(b) dangers inherent in the cyberworld.
(c) not using the cyberworld judiciously.
(d) not protecting the citizens from dangerous politicians.
Ans: (a) not playing false with the citizens

Q22. Parody means
(a) twist (b) jeopardize
(c) ridicule (d) imitate
Ans: (d) imitate

Q23. What is the opposite of wrong headed ?
(a) silly (b) sane
(c) insane (d) insensible
Ans: (b) sane

Q24. The passage suggests different ways of keeping the public busy with inessentials. Pick the odd one out.
(a) By blocking websites which are vaguely suspicious.
(b) By blaming neighbouring countries across the border.
(c) By turning the attention of the people to violence in Assam.
(d) By getting involved in a discourse on bilateral relations.
Ans: (c) By turning the attention of the people to violence in Assam

Q25. The following is a list of statements made by the author of the above passage. Pick the odd one out.
(a) It is absurd to ban Twitter accounts that parody despatches from the Prime Minister’s Office.
(b) ’Twitterers take these parodies for genuine despatches from the PMO.
(c) To describe such forms of humour as ‘misrepresenting’ the PMO makes the PMO look more ridiculous.
(d) The precedent for such action was set recently by the chief minister of West Bengal.
Ans: (b) Twitterers take these parodies for genuine despatches from the PMO
Directions: You have two passages with 5 questions in each passage. Read the passages carefully and choose the best answer to each question out of the four alternatives.
PASSAGE -I The World Health Organisation is briefly called W.H.O. It is a specialised agency of the United Nations and was established in 1948. International health workers can be seen working in all kinds of surroundings: in deserts, jungles, mountains, coconut groves, and rice fields. They help the sick to attain health and the healthy to maintain their health. This global health team assists the local health workers in stopping the spread of what are called communicable diseases, like cholera. These diseases can spread from one country to another and so can be a threat to world health. W.H.O. assists different national health authorities not only in controlling diseases but also in preventing them altogether. Total prevention of diseases is possible in a number of ways. Everyone knows how people, particularly children, are vaccinated against one disease or another. Similarly, most people are familiar with the spraying of houses with poisonous substances which kill diseasecarrying insects.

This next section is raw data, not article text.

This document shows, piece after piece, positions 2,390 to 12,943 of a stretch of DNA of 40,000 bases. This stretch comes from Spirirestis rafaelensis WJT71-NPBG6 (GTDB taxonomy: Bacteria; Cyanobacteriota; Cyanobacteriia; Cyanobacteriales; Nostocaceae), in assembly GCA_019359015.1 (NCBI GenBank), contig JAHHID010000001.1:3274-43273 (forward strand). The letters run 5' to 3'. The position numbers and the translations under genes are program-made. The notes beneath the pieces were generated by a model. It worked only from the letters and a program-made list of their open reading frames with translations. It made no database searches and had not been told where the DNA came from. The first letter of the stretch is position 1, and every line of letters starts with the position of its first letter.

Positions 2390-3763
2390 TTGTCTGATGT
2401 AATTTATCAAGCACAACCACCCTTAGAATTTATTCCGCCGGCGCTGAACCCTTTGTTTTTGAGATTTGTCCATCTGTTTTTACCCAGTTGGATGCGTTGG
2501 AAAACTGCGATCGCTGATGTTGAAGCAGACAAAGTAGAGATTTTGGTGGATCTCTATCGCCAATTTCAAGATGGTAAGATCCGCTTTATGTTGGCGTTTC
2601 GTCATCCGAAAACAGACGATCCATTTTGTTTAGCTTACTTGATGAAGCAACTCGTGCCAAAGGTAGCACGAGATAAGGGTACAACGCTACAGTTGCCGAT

Q26. It is a specialised agency of the United Nations and was established in 1948. Here specialised means
(a) expert.
(b) extraordinary.
(c) uncommon.
(d) made suitable for a particular purpose.
Ans: (a) expert

Q27. Total prevention of diseases is possible in a number of ways. The author has given illustrations of:
(a) only two such ways.
(b) only one such way.
(c) more than two such ways.
(d) none of these ways.
Ans: (a) only two such ways

Q28. International health workers can be seen working in all kinds of surroundings: in deserts, jungles, mountains, coconut groves, and rice fields. Here International means
(a) drawn from all countries of the world.
(b) believing in cooperation among nations.
(c) belonging to an organisation which has something to do with different nations.
(d) belonging to the whole world.
Ans: (c) belonging to an organisation which has something to do with different nations.

Q29. W.H.O. assists different national health authorities not only in controlling diseases but also in preventing them, altogether. The above sentence implies that
(a) W.H.O. assists more in preventing diseases than in controlling them.
(b) W.H.O: assists in controlling diseases only if they have not been prevented.
(c) W.H.O. assists both in controlling diseases and in preventing them.
(d) W.H.O. assists many others in addition to the national health authorities
Ans: (c) W.H.O. assists both in controlling diseases and in preventing them.

Q30. They help the sick to attain health and the healthy to maintain their health. Here they stands for
(a) rice fields.
(b) international health workers.
(c) jungles.
(d) deserts.
Ans: (b) international health workers